By Ankur Goel, SVP, Head of Consumer Modeling, PNC
Could you please tell our readers a little bit about yourself, your experience and what your current professional focus is?
I graduated from Indian Institute of Technology (IIT), India, and then received PhD from University of Texas at Austin, Austin, TX. Before joining PNC, I was a Professor at Case Western Reserve University, Cleveland, OH, where I taught Supply Chain Management in the MBA program, and published research in the areas related to energy supply chain and commodity risk management. At PNC, I am leading the credit risk modelling efforts in CCAR / CECL for retail products such as Auto, Credit Card, Student Lending and personal loans.
What, for you, are the benefits of attending a conference like the CECL Congress and what can attendees expect to learn from your session?
The benefits from attending the CECL congress is to learn from peer banks about their approaches, methods and preparedness in tackling with the implementation of CECL.
Attendees can learn from my session on how to leverage the current CCAR models for CECL while maintaining the “element of conservatism” of CCAR, and also adhering to the accuracy requirements for CECL. Attendees would also learn about the Payment allocation methods in Credit Card for the purpose of EAD modelling. My session will also focus on how to estimate the portfolio losses beyond the Reasonable and Supportable period of economic forecast.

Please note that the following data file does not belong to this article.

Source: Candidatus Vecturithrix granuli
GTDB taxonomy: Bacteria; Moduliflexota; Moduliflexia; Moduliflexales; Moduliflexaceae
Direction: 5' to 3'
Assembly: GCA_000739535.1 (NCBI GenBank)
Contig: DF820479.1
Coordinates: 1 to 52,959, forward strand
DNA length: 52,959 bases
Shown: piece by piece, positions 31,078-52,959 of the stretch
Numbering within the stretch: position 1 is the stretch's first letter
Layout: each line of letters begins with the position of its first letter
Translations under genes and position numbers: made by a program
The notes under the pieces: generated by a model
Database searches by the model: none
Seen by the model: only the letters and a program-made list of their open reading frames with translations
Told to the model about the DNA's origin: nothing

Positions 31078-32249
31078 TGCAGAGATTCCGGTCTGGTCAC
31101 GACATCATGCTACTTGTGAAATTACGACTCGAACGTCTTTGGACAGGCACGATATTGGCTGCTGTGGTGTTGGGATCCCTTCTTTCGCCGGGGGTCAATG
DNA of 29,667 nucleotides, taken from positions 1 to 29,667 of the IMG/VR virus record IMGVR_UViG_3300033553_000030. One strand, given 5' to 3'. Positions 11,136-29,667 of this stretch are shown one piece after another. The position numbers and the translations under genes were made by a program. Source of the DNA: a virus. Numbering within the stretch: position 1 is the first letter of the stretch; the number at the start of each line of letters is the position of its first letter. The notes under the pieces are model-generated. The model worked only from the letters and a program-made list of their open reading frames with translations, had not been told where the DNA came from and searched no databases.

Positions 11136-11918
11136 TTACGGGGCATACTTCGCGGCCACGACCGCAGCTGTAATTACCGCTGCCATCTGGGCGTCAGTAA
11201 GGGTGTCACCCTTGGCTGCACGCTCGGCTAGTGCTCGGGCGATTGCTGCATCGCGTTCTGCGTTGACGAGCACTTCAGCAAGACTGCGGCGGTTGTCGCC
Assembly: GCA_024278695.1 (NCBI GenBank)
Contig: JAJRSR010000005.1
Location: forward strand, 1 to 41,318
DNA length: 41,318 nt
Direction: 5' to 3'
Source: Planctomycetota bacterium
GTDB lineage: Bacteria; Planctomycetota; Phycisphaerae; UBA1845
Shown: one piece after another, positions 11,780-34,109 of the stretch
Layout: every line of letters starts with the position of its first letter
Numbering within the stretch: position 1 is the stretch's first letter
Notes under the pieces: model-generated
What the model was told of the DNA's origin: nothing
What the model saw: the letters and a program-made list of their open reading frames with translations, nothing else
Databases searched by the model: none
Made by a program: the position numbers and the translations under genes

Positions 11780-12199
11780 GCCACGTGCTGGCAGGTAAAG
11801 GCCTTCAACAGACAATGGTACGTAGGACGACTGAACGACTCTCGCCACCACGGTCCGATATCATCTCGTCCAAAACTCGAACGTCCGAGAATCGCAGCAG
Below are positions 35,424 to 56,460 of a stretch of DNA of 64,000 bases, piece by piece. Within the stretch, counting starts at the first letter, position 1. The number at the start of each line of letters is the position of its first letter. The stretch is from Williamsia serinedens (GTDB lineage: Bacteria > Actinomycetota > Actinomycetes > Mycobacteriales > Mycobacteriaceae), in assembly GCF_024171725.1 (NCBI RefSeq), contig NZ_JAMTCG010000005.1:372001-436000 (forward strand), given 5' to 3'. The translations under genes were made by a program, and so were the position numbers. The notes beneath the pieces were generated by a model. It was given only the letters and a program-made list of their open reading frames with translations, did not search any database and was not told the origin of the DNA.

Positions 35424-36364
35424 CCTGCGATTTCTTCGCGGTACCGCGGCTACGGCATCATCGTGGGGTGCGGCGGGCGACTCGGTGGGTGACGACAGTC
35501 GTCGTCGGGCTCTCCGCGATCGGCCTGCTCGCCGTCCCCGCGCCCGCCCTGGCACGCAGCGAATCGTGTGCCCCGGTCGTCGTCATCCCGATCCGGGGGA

What challenges and opportunities do you see in the coming years regarding CECL implementation and how can financial institutions best prepare to overcome these challenges?
In my view, CECL would have two major impacts. The one time impact of the realized losses on the income statement and the subsequent volatility in the reserves due to the changes in the economic scenario. Communication with the investor community in explaining these changes will be an important endeavour for the banks. In addition, analytics to explain the attribution of the reserve changes across time will be another key element in managing the expectations of the investors, regulators and clients.
What are the key benefits and challenges financial institutions could face when applying the CCAR model for loss and economic forecast?
The key challenge would be to benchmark the losses of an asset class horizontally across different banks. Since there is no economic scenario provided by the regulators, teasing out the differences in the CECL losses due to portfolio, economic scenarios or assumptions would be a challenging task.
The benefits of CECL would be more granular risk quantification, which would have an impact on the pricing of the final product offered by the banks.
In your opinion, is it important to leverage historical mean loss rate?
Yes, leveraging historical mean loss rate is important for the periods beyond mean reversion. In particular Long Run Average (LRA) would be a significant component of loss forecast for the long dated assets such as mortgage. However, it is required to make reasonable adjustments in the historical loss rates to account for changes in portfolio mix, underwriting strategy and macro-economic environment to adapt to the forward looking losses.
How do you see CECL impacting the financial risk landscape over the next 6-12 months?
CECL does not mitigate the underlying credit risk, but would be instrumental in managing the procyclic losses, which emanate from the back-ward looking feature of the current accounting standard. However, the new approach is not without its own challenges and potential pitfalls. Lack of concrete guidance from the regulators would possibly create a spectrum of assumptions and economic outlooks across the banks, which might be difficult for the investors to understand.